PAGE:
Dear Mr. Williams,
I didn't know you, and as such, I feel somewhat presumptuous to be writing to you, but somehow, I don't think you would mind.
I watched Good Will Hunting for the first time a couple days before hearing of your passing, and I'm pretty sure it will forever be one of my favorites. Dead Poets Society is playing on my laptop in the background as I type this. Aladdin was one of the movies of my childhood, and the Genie was always my favorite. If you need me, I'll be watching these movies on loop and sobbing until I feel better.
Mr. Williams, I wanted so badly to believe that you were happy. You certainly made me laugh, along with the rest of America, and the world. Your words in your more dramatic roles both broke my heart and put it back together. Thank you for that.
Sir, I am aware that the Bostonian psychiatrist who whispered "It's not your fault," to a distraught teenager was not truly you. However, as my high school acting teacher used to tell us, "when creating a role, we start with ourselves". So while I know that wasn't you, teaching me that life can't be lived by reading books and that sometimes you just have to go see about a girl, I like to think that some of that compassion and fire actually were yours, coupled with the depression which I now realize certainly was.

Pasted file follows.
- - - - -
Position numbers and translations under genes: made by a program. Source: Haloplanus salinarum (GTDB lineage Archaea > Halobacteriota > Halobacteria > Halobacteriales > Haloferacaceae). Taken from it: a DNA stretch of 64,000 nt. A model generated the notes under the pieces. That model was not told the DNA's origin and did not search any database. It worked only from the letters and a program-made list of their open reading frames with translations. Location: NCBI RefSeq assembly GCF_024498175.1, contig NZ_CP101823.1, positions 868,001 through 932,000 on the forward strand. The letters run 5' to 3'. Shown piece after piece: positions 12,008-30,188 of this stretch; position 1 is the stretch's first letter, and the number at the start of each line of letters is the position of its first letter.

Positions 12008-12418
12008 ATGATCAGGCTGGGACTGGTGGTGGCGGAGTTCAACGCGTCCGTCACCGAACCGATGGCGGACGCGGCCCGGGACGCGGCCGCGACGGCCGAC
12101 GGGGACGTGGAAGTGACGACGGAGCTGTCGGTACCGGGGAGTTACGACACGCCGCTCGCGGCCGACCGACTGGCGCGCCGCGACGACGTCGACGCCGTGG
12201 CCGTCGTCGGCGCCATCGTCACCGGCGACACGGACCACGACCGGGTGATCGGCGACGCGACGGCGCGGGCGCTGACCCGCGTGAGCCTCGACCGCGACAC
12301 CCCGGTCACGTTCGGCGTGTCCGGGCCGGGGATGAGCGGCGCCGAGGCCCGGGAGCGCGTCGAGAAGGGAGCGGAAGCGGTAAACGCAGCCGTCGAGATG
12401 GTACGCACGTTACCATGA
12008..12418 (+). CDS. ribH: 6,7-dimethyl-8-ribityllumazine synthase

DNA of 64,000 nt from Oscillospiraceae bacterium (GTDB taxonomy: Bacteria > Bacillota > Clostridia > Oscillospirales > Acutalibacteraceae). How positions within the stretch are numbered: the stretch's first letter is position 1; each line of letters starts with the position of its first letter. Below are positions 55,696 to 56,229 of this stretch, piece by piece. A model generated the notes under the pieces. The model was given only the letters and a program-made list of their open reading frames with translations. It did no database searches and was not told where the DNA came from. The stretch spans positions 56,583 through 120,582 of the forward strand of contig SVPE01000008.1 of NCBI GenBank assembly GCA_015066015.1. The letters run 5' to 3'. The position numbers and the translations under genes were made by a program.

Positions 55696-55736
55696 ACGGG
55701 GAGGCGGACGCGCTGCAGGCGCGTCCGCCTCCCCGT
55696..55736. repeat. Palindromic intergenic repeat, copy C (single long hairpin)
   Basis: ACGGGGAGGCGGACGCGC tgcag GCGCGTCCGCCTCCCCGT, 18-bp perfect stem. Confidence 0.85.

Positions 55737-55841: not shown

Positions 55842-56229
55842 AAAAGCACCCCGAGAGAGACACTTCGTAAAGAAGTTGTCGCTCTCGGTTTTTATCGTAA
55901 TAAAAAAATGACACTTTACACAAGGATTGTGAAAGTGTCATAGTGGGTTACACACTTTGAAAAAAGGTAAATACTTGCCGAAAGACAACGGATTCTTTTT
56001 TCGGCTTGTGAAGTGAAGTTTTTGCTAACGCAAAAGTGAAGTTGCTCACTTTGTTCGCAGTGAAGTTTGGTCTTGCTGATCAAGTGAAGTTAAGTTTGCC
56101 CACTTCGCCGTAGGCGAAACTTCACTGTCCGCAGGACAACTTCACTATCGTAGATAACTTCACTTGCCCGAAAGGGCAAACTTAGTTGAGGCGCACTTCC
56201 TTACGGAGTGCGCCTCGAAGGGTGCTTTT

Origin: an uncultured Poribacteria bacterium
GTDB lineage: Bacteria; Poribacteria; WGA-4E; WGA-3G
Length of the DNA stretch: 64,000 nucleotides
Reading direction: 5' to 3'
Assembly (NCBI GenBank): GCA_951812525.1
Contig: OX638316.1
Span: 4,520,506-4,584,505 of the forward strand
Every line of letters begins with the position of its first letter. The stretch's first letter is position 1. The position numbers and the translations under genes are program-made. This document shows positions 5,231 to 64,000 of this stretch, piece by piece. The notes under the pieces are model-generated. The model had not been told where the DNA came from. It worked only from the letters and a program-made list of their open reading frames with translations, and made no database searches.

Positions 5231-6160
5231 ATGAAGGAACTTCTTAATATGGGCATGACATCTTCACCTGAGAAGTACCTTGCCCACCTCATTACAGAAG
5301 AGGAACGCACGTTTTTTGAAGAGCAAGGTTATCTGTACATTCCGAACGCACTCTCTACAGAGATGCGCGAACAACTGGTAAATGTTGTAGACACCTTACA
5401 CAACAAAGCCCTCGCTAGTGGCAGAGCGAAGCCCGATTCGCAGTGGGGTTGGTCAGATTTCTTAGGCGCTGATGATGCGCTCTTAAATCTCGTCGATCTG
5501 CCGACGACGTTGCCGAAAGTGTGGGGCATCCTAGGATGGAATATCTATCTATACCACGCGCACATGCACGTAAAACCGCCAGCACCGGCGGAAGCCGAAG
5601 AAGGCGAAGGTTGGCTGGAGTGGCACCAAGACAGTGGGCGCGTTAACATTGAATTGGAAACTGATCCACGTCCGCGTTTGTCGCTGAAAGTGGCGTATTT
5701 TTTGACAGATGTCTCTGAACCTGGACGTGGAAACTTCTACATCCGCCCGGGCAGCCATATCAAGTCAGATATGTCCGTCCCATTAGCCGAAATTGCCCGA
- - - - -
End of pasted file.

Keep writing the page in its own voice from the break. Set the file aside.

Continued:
I know that you weren't actually a free thinking English teacher at a strict prep school, reminding young men to live life to the fullest and to use language to woo women, but I like to believe that some of that passionate, carpe diem spirit was a part of your life.
I hope you had the Genie's humor and love.
I am sorry beyond words to learn about the demons which haunted you and finally brought you home. But I know you helped people. Thanks for making me think. Thanks for brightening the lives of troops in Afghanistan, Koko the gorilla, the sweet children in St. Jude's Hospital, and countless others.
God bless your soul. Sleep well.
Genie, you're free.